June 14, 2023


A major dam in southern Ukraine collapsed [last] Tuesday, flooding villages, endangering crops and threatening drinking water supplies as both sides in the war scrambled to evacuate residents and blamed each other for the destruction… Russian and Ukrainian officials used terms like ‘ecological disaster’ and ‘terrorist act’ to describe the torrent of water gushing through the broken dam and beginning to empty an upstream reservoir that is one of the world’s largest.” AP News

Ukraine said on Monday its troops had recaptured seven villages from Russian forces along an approximately 100-km (60-mile) front in the southeast since starting its long-anticipated counteroffensive last week.” Reuters

Both sides argue that Russia is likely responsible for the destruction of the dam and lament the human and environmental damage:

Russia had various incentives to flood the South. Some Ukrainian troops will now be diverted from their missions to conduct rescue operations; others hoping to advance in the South might now find the terrain impassable; Russian forces will have extra time to adjust and redeploy units strategically to counter whatever Ukraine seems to be planning; and millions might lose power, complicating military logistics and damaging Ukrainian agriculture…

“War crimes are always on the menu for the Kremlin and its mouthpieces, including and especially attacks on civilian infrastructure. If you were to wager on when an especially dramatic war crime might be rolled out, you couldn’t do better than gambling on the first few days of the new Ukrainian offensive. By blowing up the dam, Russia disrupted the momentum and showed Ukraine in an unusually stark way that this already awful ordeal can still get worse for its people if it doesn’t sue for peace. The harder they fight, the more it’ll cost them.”
Nick Catoggio, The Dispatch

“A country contemplating launching an offensive – that would be Ukraine — especially against an enemy force larger than its own, does not choose to immediately make things more difficult for itself. It's not the only reason, but it's the main reason why Ukraine did not blow the Kakhovka dam on the Dnipro River. They would be idiots to destroy the hydroelectric plant at the dam that supplies electricity to much of the Kherson region…

“Ukraine holds the west bank of the Dnipro, and Russia holds the east bank. Does anyone actually think Ukraine blew up that dam, turning a river into a mile-wide lake the Ukrainian army would have to cross in order to attack Russian positions on the east bank? The first thing an army calculates when planning for a river crossing is how much time its soldiers will spend in boats on the water, where they are most vulnerable to enemy fire. Alternatively, it was to the advantage of Russia to widen the water gap Ukrainian forces must cross.”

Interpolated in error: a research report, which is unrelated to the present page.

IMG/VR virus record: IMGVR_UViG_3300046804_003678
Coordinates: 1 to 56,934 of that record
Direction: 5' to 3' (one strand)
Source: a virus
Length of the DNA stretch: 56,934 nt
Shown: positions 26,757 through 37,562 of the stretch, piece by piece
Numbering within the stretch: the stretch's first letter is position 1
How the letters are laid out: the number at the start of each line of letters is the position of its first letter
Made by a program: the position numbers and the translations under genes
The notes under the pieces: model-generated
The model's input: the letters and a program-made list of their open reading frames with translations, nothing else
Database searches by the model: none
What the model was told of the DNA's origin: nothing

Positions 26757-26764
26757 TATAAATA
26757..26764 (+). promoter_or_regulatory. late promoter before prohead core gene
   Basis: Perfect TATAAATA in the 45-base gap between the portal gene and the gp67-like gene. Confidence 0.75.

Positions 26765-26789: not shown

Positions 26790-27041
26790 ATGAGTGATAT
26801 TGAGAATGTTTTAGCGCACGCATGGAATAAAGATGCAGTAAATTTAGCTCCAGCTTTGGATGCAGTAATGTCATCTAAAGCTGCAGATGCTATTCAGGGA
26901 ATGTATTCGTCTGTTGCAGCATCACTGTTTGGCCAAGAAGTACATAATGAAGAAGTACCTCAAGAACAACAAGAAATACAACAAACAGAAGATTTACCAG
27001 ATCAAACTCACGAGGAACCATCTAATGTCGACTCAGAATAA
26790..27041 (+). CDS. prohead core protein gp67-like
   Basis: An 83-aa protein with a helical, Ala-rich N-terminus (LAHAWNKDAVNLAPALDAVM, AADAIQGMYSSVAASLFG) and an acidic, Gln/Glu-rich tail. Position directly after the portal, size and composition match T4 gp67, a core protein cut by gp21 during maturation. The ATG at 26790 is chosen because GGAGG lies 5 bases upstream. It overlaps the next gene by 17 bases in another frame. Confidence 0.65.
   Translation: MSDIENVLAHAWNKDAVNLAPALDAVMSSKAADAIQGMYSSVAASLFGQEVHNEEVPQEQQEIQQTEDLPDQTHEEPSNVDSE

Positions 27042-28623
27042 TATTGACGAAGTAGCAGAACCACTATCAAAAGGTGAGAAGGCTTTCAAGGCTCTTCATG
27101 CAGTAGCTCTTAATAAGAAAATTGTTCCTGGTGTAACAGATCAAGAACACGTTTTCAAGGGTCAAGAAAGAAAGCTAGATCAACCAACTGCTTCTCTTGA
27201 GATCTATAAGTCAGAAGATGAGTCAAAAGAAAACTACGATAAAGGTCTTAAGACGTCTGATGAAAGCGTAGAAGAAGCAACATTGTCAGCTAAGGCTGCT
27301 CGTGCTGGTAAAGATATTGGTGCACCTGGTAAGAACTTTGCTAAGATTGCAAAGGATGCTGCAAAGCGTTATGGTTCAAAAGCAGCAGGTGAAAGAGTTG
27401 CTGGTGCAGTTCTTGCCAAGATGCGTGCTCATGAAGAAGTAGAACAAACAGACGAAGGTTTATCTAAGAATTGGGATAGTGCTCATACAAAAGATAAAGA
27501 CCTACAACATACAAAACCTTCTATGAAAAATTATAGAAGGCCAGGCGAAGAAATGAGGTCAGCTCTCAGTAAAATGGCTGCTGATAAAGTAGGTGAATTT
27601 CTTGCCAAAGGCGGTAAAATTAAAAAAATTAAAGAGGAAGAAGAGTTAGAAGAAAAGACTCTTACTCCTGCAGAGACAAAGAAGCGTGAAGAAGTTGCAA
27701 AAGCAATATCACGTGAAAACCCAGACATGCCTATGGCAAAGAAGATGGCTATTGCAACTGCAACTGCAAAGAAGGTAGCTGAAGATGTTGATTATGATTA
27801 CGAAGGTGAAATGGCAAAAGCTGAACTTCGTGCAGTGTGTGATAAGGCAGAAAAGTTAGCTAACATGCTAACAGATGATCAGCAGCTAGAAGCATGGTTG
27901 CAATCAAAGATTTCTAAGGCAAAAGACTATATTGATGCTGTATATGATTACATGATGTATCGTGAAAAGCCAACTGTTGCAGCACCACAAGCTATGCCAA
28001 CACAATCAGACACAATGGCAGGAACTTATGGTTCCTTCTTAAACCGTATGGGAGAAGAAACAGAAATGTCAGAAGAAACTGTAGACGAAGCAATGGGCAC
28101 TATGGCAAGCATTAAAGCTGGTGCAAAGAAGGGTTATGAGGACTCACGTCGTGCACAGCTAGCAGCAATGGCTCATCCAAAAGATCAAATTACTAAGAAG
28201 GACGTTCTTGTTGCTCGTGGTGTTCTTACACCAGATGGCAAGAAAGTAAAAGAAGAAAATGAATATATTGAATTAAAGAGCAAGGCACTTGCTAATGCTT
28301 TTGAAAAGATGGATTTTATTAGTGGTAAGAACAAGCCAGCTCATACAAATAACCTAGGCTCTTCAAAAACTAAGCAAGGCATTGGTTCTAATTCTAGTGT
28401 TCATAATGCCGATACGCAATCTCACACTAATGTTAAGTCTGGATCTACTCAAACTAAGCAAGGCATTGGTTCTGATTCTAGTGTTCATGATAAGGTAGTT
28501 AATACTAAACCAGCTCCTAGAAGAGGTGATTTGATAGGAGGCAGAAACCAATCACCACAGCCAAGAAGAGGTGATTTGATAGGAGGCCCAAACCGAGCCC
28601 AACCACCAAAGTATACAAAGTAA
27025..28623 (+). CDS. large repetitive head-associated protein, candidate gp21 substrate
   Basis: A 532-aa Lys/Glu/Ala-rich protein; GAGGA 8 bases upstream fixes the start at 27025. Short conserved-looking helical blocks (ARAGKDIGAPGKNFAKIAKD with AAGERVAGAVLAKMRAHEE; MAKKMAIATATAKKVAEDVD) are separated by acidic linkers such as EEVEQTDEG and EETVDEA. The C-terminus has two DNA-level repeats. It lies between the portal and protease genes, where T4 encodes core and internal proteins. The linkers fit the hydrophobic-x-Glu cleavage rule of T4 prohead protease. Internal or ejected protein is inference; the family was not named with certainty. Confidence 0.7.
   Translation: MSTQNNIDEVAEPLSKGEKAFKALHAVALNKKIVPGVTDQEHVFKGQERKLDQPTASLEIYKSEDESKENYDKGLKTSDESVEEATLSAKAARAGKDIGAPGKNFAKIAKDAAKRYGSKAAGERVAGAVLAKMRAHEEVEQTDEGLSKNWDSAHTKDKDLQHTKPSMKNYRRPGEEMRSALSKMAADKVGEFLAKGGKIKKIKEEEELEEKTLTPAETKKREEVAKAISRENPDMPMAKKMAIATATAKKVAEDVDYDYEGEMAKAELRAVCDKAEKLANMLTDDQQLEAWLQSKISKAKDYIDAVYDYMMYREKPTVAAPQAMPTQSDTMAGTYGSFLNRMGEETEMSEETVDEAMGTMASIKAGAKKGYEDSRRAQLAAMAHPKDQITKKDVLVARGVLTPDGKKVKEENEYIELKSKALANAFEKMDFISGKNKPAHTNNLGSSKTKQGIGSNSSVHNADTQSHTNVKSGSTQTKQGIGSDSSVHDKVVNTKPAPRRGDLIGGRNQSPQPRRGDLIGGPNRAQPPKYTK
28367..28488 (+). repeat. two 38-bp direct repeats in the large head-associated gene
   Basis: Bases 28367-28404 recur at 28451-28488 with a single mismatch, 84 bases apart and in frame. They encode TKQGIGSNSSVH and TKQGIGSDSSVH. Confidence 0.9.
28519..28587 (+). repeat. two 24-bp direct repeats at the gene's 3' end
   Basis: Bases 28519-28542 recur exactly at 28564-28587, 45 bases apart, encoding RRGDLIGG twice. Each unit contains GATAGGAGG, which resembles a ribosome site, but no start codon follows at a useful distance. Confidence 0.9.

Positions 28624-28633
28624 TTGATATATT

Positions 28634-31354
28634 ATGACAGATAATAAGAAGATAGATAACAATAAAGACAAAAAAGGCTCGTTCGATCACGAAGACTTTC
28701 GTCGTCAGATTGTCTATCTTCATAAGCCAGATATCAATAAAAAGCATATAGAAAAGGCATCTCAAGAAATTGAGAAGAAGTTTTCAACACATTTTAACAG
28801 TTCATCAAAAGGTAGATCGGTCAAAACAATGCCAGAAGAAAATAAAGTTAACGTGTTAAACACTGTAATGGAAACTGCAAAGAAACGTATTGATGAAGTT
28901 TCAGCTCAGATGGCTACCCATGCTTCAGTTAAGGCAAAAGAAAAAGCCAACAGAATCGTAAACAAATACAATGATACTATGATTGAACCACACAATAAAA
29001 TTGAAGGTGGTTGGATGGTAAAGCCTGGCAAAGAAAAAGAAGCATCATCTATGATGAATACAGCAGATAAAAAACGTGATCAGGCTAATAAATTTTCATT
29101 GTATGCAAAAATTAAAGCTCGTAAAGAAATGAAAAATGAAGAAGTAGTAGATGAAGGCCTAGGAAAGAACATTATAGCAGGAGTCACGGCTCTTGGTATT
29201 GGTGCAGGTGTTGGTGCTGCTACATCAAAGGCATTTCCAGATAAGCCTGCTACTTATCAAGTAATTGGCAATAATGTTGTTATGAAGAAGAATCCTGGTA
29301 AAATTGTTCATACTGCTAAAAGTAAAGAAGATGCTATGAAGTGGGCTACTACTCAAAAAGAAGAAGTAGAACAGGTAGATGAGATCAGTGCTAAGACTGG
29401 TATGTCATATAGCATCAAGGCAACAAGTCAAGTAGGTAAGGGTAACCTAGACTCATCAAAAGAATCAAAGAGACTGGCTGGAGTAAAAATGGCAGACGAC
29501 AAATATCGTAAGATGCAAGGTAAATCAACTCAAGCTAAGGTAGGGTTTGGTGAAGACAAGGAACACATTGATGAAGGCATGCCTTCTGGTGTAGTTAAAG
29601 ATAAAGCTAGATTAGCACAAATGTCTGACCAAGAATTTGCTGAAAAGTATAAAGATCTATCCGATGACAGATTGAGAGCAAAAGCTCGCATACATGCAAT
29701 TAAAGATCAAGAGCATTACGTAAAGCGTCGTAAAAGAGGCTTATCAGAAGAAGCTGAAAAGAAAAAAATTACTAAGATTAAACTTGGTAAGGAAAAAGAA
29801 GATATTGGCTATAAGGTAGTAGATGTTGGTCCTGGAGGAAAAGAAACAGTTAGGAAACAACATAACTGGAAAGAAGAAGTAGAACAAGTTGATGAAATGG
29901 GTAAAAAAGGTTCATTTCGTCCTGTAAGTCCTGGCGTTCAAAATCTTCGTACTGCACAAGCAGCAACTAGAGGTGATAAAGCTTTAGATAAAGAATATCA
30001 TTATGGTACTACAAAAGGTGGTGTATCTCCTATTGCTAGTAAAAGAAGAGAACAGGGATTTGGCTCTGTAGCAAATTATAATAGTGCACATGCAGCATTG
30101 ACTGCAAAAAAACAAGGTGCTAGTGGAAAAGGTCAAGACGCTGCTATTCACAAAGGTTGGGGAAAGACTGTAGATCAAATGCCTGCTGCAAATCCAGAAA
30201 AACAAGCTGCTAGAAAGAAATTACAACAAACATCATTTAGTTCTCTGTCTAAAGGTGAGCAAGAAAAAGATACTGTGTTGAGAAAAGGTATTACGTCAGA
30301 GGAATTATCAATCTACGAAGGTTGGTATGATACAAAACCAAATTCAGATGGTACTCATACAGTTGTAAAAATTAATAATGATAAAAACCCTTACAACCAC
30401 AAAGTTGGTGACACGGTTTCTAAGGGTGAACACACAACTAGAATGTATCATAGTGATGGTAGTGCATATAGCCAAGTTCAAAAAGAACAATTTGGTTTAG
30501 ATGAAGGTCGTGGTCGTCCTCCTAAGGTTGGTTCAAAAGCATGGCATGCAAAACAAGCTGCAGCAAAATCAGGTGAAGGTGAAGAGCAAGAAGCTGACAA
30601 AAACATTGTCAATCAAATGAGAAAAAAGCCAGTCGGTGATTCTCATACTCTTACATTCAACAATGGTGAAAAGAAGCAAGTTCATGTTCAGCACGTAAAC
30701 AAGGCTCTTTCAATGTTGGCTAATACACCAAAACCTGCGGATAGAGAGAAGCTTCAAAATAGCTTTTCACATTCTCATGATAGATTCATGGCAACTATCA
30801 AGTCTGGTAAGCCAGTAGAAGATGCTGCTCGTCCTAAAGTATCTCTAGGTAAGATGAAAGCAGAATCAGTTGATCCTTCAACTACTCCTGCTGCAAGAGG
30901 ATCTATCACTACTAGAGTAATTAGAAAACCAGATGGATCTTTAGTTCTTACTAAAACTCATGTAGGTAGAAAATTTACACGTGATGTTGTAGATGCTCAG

Lucian K. Truscott IV, Salon

“Russia had the motive… Russia had the means… Moreover, Russia has the mentality to pull off an operation this egregious — a classic scorched-earth tactic from the country that popularized the term. We don’t have to look back to the Napoleonic era for evidence of Russia’s will to salt the earth behind it in retreat, Vladimir Putin’s obsession with the 19th century notwithstanding. While falling back amid the Nazi onslaught in the summer of 1941, Soviet secret police acting on Stalin’s orders destroyed a dam on this same river not far from Nova Kakhovka to delay the German advance…

“By denying its involvement in this event, despite all evidence to the contrary, the Kremlin is tacitly admitting that the dam’s destruction is a great crime. The deniability Moscow is cultivating will complicate the message it likely hopes to send: Russia reserves the right to escalate its war, and it is not afraid to decimate population centers in the process. Those who are susceptible to the deterrent force of this threat don’t need convincing. But the atrocity of which Russia is likely guilty will steel the resolve of Ukrainians more than it will frighten them.”
Noah Rothman, National Review

“What should happen now? First, since Russia insists it is not at fault, it should agree to a technical investigation to determine the cause. Russia has veto power at the UN Security Council, but the United Nations General Assembly, even the frequently hapless UN Human Rights Council, can go into special session. They should condemn the incident and demand a probe. If Russia blocks it, it will amount to an admission of guilt…

“In July, [NATO] will hold a summit in Vilnius, Lithuania. The location is symbolically powerful. Lithuania is one of the Baltic nations that Moscow invaded and annexed during World War II and, like other Russian neighbors, it has been warning about the Kremlin’s expansionist intentions. At the summit, Western leaders should formally commit to maintaining their support for Ukraine even if the counter-offensive falters… The broken walls of the Nova Kakhovka dam, and its destructive rushing waters, should strengthen the resolve of Ukraine’s backers.”
Frida Ghitis, CNN

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